Not long ago I spent a weekend visiting my parents in New York. On Sunday morning, shortly before I was to leave, my mother asked my father and me to help her with a project.
She has been continuing to explore the idea of reclaiming her body since cancer has marked it (see 'Sign on the Line,' May 3, 2007). She has been working on this through art centered around her surgery scar, which runs nine inches vertically down her middle. She has been playing with the idea of the scar as a line, and with all the different meanings and connotations associated with the word line.
On this morning she was focused, intent - to a degree I would almost call unique to her; it is a mode my father and I recognize well, and it is not altogether easy to demur when she is in this mode and putting out a call for followers or collaborators.
She had been up for hours already and had done a fair amount of work, both conceptual and physical, on the project. This involved having assembled some hundred kitchen matches in a row, like soldiers, held together with duct tape. Two children's blocks, taped to the back of the row, would provide a base to the thing, so that it could be stood upright without tipping over. Her proposal - but this is the wrong word; it was never anything so mild - her imperative, then, was this: to create an image of a "fire line" along her scar. Her determination, whenever she is onto the idea of creating art, has always been uncanny, both luminous and slightly scary. Luminous because she is visibly powerful when making art; scary because she appears somewhat dissociated from the role of mother.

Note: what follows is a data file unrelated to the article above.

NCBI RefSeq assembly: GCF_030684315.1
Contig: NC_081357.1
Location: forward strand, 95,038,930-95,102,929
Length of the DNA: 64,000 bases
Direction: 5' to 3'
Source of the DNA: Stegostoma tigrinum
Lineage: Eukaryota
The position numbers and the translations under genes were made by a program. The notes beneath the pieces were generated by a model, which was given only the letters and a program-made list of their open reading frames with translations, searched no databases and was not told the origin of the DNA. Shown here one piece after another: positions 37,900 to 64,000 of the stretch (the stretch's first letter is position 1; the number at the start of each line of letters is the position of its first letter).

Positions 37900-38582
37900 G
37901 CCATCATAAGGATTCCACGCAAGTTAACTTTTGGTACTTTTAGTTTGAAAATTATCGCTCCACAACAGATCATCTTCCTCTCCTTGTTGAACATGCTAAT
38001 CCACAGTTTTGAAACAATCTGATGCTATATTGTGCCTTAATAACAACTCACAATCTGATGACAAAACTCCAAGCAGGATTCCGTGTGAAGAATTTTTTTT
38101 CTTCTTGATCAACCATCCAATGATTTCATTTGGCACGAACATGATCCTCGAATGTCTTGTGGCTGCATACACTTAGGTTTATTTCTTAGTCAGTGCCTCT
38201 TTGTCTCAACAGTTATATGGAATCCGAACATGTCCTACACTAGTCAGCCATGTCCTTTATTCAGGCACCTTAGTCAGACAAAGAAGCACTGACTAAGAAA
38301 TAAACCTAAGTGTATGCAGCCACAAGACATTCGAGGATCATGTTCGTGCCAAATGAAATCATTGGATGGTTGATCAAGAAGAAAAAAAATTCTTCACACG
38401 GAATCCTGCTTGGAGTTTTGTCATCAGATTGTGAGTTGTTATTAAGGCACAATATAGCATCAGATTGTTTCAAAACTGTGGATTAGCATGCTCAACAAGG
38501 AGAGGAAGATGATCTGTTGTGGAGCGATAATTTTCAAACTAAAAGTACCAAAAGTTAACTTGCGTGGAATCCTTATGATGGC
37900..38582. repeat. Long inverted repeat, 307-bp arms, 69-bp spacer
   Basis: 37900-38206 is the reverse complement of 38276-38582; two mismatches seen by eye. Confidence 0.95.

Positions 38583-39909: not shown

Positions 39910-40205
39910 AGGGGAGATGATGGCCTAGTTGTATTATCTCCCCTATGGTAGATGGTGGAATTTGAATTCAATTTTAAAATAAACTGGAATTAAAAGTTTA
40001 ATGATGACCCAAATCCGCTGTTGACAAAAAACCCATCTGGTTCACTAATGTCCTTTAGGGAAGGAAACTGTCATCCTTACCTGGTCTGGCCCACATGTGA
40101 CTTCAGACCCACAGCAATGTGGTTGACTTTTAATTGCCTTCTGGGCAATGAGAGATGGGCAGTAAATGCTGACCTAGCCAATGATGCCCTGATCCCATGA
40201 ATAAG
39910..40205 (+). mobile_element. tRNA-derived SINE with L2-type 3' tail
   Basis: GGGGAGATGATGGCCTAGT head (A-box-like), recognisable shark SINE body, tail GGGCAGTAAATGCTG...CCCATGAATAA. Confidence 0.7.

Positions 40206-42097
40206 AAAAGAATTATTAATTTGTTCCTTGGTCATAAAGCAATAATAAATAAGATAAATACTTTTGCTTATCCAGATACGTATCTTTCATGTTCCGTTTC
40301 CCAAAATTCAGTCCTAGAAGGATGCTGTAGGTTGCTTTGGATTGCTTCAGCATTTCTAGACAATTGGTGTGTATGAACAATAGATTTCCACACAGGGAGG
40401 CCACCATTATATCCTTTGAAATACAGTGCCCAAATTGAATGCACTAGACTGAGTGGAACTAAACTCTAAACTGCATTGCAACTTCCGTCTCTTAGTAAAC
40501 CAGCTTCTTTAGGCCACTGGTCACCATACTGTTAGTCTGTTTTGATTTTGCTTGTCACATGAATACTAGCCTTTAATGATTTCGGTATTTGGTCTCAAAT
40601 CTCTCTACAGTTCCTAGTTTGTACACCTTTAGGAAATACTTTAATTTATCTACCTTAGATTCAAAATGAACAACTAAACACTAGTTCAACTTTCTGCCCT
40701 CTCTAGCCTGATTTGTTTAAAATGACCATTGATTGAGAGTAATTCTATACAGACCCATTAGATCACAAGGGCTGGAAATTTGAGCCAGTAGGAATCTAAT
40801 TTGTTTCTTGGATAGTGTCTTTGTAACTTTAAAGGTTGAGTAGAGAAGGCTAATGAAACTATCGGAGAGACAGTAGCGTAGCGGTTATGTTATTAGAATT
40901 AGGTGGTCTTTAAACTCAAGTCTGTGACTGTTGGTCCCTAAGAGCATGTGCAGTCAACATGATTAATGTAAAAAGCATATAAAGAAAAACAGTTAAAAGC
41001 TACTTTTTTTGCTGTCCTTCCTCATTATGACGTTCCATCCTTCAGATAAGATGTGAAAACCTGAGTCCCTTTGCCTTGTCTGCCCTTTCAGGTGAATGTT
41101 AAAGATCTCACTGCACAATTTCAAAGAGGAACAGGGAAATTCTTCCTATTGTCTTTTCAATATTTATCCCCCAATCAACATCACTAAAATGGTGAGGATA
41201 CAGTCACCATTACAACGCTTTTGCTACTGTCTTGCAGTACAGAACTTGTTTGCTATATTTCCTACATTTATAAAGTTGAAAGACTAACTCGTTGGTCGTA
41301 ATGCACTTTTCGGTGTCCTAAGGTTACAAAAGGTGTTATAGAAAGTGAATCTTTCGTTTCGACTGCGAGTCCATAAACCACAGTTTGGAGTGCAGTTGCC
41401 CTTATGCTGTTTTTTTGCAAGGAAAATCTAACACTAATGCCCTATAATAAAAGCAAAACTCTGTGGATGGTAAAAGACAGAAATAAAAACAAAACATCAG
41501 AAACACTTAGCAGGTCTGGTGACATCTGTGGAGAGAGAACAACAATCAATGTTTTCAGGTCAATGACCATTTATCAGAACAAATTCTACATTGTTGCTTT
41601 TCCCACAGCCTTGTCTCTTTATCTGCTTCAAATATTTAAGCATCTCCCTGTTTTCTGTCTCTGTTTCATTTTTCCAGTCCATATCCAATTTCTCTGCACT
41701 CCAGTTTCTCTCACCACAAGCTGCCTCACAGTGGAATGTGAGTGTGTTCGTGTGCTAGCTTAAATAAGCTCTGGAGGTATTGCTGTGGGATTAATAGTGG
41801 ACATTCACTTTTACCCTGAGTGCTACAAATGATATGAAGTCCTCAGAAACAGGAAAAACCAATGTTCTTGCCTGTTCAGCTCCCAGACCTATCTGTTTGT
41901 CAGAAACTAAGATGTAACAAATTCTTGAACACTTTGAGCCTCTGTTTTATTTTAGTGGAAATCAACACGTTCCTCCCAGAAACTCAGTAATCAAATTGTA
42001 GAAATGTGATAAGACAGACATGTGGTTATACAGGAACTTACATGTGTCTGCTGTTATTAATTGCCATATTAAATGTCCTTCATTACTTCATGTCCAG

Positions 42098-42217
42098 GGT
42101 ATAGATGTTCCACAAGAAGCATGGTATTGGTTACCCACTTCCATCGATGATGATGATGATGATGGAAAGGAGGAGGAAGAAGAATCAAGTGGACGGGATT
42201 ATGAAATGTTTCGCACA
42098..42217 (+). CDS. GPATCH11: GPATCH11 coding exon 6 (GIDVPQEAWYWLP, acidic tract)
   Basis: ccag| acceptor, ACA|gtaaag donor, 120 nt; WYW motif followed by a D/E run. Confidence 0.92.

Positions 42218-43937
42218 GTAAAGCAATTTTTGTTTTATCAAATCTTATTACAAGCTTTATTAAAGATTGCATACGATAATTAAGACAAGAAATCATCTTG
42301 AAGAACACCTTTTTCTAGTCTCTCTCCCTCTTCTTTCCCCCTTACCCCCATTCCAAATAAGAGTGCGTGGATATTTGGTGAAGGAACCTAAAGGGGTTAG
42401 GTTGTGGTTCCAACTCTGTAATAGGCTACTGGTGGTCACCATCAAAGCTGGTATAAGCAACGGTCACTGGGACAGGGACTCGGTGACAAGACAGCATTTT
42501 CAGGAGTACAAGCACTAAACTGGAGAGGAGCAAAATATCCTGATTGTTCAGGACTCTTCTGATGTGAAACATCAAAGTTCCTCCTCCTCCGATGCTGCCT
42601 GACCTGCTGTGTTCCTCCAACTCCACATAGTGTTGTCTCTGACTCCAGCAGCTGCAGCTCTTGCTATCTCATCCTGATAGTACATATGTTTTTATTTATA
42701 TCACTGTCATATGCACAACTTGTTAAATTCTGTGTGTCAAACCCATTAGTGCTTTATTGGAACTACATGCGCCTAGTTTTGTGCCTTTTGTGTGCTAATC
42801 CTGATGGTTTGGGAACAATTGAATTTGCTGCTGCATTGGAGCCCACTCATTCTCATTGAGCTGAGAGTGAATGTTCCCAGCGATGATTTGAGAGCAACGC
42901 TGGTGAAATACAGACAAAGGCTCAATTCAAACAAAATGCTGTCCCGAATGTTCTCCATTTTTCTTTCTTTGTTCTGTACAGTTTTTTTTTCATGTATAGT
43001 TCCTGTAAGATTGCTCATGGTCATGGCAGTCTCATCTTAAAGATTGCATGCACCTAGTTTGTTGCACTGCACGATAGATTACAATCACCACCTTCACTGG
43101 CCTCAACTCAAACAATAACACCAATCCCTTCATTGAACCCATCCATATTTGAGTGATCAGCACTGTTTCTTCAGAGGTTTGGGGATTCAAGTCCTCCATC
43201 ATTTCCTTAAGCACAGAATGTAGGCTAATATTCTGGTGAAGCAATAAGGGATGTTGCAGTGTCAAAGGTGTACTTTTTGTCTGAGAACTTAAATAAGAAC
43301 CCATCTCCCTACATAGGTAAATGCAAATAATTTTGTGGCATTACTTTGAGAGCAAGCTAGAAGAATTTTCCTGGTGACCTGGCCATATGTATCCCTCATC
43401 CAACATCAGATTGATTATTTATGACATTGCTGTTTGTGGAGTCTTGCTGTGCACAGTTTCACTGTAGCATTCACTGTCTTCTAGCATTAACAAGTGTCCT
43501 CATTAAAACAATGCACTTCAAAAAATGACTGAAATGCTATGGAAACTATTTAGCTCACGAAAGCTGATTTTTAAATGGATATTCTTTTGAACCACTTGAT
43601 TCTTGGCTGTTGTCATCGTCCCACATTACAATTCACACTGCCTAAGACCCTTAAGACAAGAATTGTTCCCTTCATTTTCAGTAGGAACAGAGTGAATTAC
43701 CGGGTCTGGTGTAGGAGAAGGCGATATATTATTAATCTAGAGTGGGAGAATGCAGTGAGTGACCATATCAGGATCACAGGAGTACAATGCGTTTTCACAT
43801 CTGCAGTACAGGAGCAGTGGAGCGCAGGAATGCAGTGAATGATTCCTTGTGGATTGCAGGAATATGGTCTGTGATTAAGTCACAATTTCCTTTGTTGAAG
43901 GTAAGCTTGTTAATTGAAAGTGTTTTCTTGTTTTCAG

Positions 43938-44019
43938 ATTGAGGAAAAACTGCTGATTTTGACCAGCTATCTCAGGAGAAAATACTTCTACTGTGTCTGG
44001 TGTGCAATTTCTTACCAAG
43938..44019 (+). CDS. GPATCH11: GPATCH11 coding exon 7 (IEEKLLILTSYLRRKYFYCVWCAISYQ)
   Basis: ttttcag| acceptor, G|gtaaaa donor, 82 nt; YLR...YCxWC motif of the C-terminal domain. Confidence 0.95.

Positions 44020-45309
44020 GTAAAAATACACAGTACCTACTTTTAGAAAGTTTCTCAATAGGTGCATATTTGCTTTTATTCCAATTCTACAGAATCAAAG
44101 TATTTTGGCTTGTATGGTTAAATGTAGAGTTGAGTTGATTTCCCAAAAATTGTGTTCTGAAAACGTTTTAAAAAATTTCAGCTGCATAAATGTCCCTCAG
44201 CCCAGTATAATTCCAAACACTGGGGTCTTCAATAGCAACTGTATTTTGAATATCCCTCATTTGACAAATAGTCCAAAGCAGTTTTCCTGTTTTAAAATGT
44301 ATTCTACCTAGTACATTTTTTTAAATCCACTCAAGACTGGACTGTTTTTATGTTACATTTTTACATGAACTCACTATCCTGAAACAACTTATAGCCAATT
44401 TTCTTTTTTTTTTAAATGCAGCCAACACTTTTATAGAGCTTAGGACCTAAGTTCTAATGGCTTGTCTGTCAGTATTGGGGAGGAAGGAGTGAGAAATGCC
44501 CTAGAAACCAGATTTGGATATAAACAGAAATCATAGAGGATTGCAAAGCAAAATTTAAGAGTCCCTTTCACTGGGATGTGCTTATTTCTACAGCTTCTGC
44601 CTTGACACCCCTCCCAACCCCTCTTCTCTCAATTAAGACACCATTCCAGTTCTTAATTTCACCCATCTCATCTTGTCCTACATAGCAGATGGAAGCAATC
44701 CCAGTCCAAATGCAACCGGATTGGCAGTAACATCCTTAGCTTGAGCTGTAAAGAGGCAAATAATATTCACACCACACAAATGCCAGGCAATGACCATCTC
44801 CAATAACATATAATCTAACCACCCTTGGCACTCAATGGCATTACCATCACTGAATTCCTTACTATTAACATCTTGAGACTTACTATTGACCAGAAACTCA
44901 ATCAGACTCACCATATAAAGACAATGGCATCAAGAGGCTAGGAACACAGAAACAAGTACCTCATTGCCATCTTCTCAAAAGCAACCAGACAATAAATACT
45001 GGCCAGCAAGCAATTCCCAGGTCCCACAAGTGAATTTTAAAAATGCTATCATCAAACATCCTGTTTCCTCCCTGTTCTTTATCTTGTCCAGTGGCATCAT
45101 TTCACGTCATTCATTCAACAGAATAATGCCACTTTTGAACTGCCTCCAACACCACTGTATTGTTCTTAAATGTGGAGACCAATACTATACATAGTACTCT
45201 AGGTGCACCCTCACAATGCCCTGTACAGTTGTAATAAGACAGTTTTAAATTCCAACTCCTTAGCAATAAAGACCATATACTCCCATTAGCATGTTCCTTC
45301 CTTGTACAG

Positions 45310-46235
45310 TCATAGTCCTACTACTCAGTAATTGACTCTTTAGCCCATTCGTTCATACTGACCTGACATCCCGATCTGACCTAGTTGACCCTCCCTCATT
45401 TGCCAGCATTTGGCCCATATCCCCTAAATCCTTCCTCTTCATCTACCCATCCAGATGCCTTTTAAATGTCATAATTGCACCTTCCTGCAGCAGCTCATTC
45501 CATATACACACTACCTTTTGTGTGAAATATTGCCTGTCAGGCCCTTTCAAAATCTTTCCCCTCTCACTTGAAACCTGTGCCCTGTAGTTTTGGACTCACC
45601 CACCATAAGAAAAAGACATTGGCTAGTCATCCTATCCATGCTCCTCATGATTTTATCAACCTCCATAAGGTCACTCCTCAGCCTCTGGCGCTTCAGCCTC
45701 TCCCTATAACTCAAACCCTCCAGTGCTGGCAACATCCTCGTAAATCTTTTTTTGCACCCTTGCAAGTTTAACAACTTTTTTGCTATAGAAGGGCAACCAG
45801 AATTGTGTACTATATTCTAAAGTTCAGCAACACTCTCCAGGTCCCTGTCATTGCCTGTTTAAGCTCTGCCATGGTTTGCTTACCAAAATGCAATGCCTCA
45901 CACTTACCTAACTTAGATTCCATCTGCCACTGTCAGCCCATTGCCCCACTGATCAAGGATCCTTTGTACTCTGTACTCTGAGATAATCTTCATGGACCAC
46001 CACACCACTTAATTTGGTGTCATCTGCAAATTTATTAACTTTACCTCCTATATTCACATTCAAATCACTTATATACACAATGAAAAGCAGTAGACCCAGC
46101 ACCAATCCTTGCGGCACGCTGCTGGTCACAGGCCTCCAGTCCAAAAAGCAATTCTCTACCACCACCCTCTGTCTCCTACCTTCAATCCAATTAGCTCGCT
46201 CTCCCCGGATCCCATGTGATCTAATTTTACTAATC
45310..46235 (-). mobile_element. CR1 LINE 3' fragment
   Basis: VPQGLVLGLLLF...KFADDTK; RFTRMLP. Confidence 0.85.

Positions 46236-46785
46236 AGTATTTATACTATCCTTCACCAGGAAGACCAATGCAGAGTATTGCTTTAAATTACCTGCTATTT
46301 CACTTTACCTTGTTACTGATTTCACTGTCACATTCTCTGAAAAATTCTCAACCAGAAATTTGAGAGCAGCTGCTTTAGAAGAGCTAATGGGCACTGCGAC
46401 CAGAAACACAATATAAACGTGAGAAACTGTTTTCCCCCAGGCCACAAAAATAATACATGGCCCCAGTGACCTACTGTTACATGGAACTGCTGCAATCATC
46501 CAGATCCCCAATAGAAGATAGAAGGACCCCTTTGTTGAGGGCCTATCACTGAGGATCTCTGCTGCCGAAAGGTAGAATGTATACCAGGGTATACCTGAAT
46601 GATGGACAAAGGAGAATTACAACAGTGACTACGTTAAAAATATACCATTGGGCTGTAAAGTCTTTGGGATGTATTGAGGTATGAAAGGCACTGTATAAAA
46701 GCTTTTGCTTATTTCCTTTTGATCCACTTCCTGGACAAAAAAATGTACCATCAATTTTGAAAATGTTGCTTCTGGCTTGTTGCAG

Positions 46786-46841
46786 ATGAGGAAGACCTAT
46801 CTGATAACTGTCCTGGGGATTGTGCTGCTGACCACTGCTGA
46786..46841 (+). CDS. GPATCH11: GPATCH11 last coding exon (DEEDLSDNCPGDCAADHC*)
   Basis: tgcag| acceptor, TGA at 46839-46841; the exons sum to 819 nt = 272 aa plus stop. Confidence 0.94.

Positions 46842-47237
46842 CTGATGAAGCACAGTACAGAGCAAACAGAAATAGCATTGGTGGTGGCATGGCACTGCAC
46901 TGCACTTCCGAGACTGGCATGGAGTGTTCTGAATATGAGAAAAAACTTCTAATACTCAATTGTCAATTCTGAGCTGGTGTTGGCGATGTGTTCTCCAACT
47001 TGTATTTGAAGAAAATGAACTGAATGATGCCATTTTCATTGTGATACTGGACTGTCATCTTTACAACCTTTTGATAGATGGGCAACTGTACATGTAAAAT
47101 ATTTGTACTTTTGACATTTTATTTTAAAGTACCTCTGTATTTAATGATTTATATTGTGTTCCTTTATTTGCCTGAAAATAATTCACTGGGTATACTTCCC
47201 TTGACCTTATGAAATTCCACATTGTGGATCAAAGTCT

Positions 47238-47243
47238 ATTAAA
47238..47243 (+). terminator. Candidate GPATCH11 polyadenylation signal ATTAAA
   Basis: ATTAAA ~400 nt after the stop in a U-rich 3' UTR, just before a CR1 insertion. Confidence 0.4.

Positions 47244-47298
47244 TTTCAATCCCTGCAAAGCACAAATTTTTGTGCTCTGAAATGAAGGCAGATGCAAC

My father was to be the stage manager/fire warden. He knelt, frowning, with a box of matches, a pot of water, and a washcloth.
I was to be the witness/image-maker. I held the camera in sweaty hands.
My mother was subject and object, artist and model - artist and work of art - all in one. She lay on the floor, lifted her shirt out of the way, and carefully balanced the match-contraption on her stomach.
My father lit the row in two or three places. The flames spread rapidly up and down the line. My mother, she later reported, felt an intense flush of heat. I snapped the picture. The matches burned down toward her skin. My father tried blowing them out. Little sparky match-heads began to fall onto my mother's stomach. We tried to brush them off before they burned her. They were like insects, so many of them, skittering everywhere. My mother made sounds of distress. The smoke alarms went off. My father, with what seemed a stroke of genius, lifted the whole half-burning contraption off her, submerged it in water, and laid the wet washcloth on her stomach, now dotted with tiny red marks.
I was, in a way, furious. I'd let myself be conscripted in the service of something disquieting. There was a frankly dangerous and violent element to the art piece on which we'd all just collaborated. And there was something disturbingly intimate about the circumstances of its creation: we were not a team comprising colleagues, or friends. We were mother, father, daughter. I knew that neither my father nor I had felt we could refuse. I don't think either of us felt we entirely grasped the full meaning of the project, what made it quite so crucial to my mother, what truths or possibilities it illumined.
But here's the thing. I was also full of gratitude. I am aware of our intimacy - mine with my parents - as a rare privilege, one that has led us into experiences that have enriched all of our lives, enriched even our understanding of what life can hold. We have, since that day, talked about the discomfort each of us was feeling, talked about our logistical roles and the ways in which they correspond to roles we've long played. We've talked about how amazing it was that we got the picture in just one take, and how my mother hadn't realized how hot her stomach would get, and how none of us had anticpated the problem of the falling match-heads. We've even talked about the fact that none of this got talked about on that day, in the immediate, stunned aftermath.
In other words, being uncomfortable robbed us of nothing - it gave us new questions, new places to connect. I realize, writing this, that is a message my mother has been conveying all of my life.